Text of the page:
The applicant’s financial history is mercilessly laid bare.  If you haven’t been pro-active about regularly checking your credit reports for errors it would be understandable if you run into some unpleasant surprises.  If you are diligent about monitoring your credit reports and understand the way the system works you have nothing to fear.  Trust me on one thing though.  There is always something new to learn.  That extra thing you learn about tri-merge credit score information may save the deal.  This discussion will be based on a typical tri-merge credit report information summary in front of me as I write.

There are 3 horizontal columns in the section called “Credit Score Information” containing 3 different credit scores.  The credit scores in this example are quite low for a real estate loan.  Since this loan is a VA loan there is extraordinary leniency which is much deserved for those who have honorably served our country.

  • Trans Union‘s score is 618.  It uses Factors 038, 013, 018, 008 in computing its “FICO Risk Score, Classic (04)”.  This FICO score has a range of 309-839.
  • Experian’s score is 624.  It uses Factors 038, 13, 18, 21 in computing its “Fair Isaac (v2)” score.  This FICO score has a range of 320-844.
  • Equifax’s score is 596.  It uses Factors 038, 13, 18, 34 in computing its “Beacon 5.0” score.  This FICO score has a range of 334-818.

There are 49 FICO Score Models

Most people confidently proclaim that FICO scores range from 300-850.  That is no more than an approximation.  For example, the “FICO 8″ Bankcard score now being given out by some credit card companies says it has a range of 250-900.  Lenders customize their FICO score requests to give weight to different areas that they deem important.  Not only can they choose different factors but they can choose different FICO models.  Why is this important?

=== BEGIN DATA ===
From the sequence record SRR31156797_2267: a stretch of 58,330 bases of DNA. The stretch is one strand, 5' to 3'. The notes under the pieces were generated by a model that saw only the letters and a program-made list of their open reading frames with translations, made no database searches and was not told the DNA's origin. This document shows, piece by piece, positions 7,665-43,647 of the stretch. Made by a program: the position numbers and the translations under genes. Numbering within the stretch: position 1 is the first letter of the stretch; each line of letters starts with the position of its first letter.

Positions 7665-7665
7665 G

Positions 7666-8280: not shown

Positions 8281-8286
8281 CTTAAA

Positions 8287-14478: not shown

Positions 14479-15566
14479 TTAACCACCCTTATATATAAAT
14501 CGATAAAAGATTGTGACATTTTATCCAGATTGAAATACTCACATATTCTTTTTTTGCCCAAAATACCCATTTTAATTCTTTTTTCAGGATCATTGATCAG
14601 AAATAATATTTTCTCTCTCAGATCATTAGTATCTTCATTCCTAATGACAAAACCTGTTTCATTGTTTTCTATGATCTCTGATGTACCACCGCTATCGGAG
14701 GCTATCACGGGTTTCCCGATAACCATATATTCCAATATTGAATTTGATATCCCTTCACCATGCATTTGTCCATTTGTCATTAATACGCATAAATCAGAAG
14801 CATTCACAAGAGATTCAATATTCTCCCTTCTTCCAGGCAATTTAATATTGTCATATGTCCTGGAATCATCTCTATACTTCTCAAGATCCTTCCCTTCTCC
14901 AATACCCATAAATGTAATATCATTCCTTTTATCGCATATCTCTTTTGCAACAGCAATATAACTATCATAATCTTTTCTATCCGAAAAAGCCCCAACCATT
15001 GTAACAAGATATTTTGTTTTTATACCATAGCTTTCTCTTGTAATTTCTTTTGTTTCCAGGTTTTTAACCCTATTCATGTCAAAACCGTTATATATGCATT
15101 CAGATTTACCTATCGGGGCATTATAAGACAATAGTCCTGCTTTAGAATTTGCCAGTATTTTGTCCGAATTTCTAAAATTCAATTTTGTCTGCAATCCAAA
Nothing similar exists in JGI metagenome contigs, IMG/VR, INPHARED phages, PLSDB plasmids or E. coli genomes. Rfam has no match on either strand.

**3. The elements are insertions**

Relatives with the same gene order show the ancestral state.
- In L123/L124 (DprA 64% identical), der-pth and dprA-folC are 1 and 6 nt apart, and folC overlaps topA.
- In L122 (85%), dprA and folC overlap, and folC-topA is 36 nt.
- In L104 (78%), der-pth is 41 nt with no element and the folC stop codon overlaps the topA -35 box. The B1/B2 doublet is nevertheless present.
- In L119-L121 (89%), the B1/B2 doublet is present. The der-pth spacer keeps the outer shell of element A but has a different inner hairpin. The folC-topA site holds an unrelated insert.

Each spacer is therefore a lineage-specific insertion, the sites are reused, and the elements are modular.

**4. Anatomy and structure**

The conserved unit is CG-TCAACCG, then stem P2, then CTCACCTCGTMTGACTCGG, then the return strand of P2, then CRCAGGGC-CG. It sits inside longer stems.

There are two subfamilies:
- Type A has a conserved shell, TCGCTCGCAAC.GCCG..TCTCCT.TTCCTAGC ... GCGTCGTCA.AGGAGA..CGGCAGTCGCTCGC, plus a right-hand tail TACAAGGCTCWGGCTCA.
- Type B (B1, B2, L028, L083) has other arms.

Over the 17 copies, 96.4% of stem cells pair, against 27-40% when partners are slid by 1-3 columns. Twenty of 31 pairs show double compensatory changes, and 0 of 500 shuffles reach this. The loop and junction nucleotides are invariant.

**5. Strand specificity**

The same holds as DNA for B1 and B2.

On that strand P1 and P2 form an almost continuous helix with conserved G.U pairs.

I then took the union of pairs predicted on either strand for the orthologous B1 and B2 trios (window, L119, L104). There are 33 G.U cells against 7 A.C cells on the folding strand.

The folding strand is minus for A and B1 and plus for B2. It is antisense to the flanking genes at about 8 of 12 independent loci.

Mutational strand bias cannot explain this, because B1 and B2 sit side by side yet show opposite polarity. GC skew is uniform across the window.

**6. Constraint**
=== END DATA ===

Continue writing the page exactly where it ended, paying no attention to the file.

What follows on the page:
Different FICO Score Ranges Mean Different Median Scores

This particular VA loan required no more than a 600 middle score.  The underwriter balked when he saw the 596 Equifax score.  I was able to save the deal by pointing out that the 600 score requirement is near the median of the 300-850 usual range.  The 596 score here is just as near the median of the 334-818 score range as the 600 score is to the 300-850 range.  This is chiefly because the highest achievable score is considerably lower than 850.  Careful analysis of tri-merge credit score information saved the mortgage.

FICO Mortgage Score Powered by CoreLogic Called CoreScore

Watch out for this one.  Powered by it’s claim to increase predictability of default and accuracy of risk assessment Core Logic provides lenders with alternative data.  What is alternative data?  Alternative data is data that doesn’t appear on traditional credit reports.  It may be pay day loans.  It may be abandoned gym memberships or other information that “supplements and complements” other sources of information.  If you are refused a mortgage or offered less than the terms your credit score merrits you can require your lender to produce all negative information that was used for their decision.




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After practicing law for 37 years Edward F. St. Onge, Sr. now devotes all his time to helping consumers achieve a high credit score with amazing speed. Learn the counter-intuitive secrets to credit scoring through his down to earth instructions backed by extensive knowledge of the laws and trends. All of the latest tricks and techniques that they don't want you to know now at your disposal. At last a level playing field for the consumer!